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7 Things You Need To Know Today (April 18, 2018)

Emma Loewe
April 18, 2018
Emma Loewe
mbg Sustainability + Health Director
By Emma Loewe
mbg Sustainability + Health Director
Emma Loewe is the Senior Sustainability Editor at mindbodygreen and the author of "Return to Nature: The New Science of How Natural Landscapes Restore Us."
Photo by Jovo Jovanovic
April 18, 2018

1. Reading to your child is even more beneficial than you probably thought.

According to a new study, kids whose parents read to them regularly experience a myriad of benefits, from lowered aggression and hyperactivity to increased attention. "We think of reading in lots of different ways, but I don’t know that we think of reading this way," said Dr. Alan Mendelsohn, a principal investigator of the study. (NYT)

2. Hawaii is reeling after a massive flood event.

On Sunday, the North Shore of Hawaii was hit with 28 inches of rain in a 24-hour period in what's being dubbed the 100-year flood. The extent of the damage is not yet known, but dozens of homes on the island have been destroyed—a handful of them torn from their foundations. (mindbodygreen)

3. Meet the vending machine that dispenses short stories.

You can now get your fiction fix on the go. A company called Short Edition sets up vending machines that dispense short stories—a concept Francis Ford Coppola likes so much that he set one up at a cafe he owns in San Francisco. Users can select from a one-, three-, or five-minute tale, and they're all free. "I’d like to see the city of San Francisco put them everywhere so that while waiting for a bus, or marriage license, or lunch, you could get an artistic lift, free of charge," said Coppola. (NYT)

4. If you're a night owl, be a night owl.

Night owls have an increased risk for heart disease, diabetes, mental health issues, and gastrointestinal issues, just to name a few. Interestingly, researchers think this might not be because they are inherently more likely to fall ill but because they feel forced to live in an early-bird world. In other words, their biological clocks are at odds with the typical 9-to-5 workday. (Popular Science)

5. Kids are suing the government in Florida because of climate change.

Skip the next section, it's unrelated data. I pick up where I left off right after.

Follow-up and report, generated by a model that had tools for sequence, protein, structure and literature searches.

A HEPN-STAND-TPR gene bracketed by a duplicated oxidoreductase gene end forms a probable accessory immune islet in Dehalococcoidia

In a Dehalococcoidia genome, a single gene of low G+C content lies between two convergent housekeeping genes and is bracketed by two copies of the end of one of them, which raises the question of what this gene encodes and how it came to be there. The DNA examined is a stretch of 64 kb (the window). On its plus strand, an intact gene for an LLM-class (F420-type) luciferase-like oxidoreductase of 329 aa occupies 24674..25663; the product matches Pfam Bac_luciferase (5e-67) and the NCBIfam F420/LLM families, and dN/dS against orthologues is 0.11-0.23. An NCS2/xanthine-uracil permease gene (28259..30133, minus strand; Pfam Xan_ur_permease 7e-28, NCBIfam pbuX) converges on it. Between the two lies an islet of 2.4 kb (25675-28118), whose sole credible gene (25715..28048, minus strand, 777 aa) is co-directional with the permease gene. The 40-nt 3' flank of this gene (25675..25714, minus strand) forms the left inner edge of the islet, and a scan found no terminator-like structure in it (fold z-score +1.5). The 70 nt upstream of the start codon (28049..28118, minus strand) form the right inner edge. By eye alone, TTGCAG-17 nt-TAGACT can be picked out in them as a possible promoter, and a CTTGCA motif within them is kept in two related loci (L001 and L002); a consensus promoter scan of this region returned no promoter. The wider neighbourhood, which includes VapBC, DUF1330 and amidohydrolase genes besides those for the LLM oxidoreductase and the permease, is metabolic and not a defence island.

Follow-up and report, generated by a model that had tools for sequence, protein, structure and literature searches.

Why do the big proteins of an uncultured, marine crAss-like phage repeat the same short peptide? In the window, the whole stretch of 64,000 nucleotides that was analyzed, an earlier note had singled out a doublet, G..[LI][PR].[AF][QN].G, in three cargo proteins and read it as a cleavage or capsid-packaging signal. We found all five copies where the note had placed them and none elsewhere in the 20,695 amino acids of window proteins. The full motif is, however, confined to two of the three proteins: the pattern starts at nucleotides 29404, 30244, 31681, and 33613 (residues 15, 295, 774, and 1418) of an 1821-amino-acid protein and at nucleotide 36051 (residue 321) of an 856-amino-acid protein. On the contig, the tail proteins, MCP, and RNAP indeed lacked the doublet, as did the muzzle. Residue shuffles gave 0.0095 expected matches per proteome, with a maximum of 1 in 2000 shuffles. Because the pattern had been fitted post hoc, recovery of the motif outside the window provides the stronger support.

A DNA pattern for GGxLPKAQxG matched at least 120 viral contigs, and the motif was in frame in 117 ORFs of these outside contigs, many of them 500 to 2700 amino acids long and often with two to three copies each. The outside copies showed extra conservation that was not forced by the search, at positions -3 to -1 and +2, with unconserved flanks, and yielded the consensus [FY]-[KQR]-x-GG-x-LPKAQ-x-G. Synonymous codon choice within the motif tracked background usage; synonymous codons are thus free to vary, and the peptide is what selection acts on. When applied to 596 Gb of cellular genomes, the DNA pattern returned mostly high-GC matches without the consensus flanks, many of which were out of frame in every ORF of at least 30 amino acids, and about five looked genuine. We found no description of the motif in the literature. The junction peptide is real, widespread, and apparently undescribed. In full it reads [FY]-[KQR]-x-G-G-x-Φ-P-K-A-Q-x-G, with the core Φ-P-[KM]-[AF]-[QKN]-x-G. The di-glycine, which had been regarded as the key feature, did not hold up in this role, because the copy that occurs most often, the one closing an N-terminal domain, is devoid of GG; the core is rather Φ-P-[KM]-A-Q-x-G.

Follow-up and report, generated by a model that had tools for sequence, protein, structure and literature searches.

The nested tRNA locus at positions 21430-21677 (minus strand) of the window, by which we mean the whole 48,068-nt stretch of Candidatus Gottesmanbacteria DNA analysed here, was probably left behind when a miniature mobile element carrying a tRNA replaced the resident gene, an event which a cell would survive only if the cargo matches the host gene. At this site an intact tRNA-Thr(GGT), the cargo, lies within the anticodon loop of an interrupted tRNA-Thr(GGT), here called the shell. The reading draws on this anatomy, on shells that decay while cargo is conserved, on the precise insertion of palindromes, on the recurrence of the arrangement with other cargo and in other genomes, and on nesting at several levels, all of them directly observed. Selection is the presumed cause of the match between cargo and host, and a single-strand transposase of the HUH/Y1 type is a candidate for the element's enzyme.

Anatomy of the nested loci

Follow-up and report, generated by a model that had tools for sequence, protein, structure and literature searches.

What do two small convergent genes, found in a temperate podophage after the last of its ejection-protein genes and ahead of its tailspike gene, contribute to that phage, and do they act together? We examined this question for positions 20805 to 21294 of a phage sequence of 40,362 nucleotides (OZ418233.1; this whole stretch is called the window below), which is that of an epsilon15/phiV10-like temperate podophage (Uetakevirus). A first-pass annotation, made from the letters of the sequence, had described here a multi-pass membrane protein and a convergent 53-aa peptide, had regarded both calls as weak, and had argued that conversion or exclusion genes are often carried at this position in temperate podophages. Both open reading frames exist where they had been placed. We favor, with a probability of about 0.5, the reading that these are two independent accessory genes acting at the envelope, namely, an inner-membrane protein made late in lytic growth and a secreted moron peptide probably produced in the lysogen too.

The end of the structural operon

Eight kids from Florida, ages 10 to 19, have filed a lawsuit against Governor Rick Scott to protect their state from climate change. These young climate advocates live on a coast threatened by sea-level rise, and they haven't seen enough legislative action to protect them from environmental threats. (Grist)

6. Kendrick Lamar is the first hip-hop artist to win a Pulitzer.

"A virtuosic song collection unified by its vernacular authenticity and rhythmic dynamism that offers affecting vignettes capturing the complexity of modern African-American life," the Pulitzer board wrote about his album, DAMN. He's the first hip-hop artist—in fact, the first artist who isn't classical or jazz—to win a Pulitzer. To qualify for an award, works must "challenge our conventional notions of creative expression and push us to consider and embrace new ideas and perspectives." For the full, impressive list, click through to NPR's website. (NPR)

7. Virtual reality now lets you tour imperiled cultural sites around the world.

CyArk, an Oakland-based nonprofit, uses laser scans and detailed photography to recreate historic sites in 3-D. Google has partnered with the nonprofit to launch Open Heritage, which uses CyArk's data to create VR tours of 27 cultural sites around the world, from the Buddhist temples of Bagan, Myanmar, to the cliff dwellings of Mesa Verde, Colorado. Check them out on the web, with VR viewers, or with Google’s Arts&Culture app. (Fast Company)

Emma Loewe author page.
Emma Loewe
mbg Sustainability + Health Director

Emma Loewe is the Sustainability and Health Director at mindbodygreen and the author of Return to Nature: The New Science of How Natural Landscapes Restore Us. She is also the co-author of The Spirit Almanac: A Modern Guide To Ancient Self Care, which she wrote alongside Lindsay Kellner.

Emma received her B.A. in Environmental Science & Policy with a specialty in environmental communications from Duke University. In addition to penning over 1,000 mbg articles on topics from the water crisis in California to the rise of urban beekeeping, her work has appeared on Grist, Bloomberg News, Bustle, and Forbes. She's spoken about the intersection of self-care and sustainability on podcasts and live events alongside environmental thought leaders like Marci Zaroff, Gay Browne, and Summer Rayne Oakes.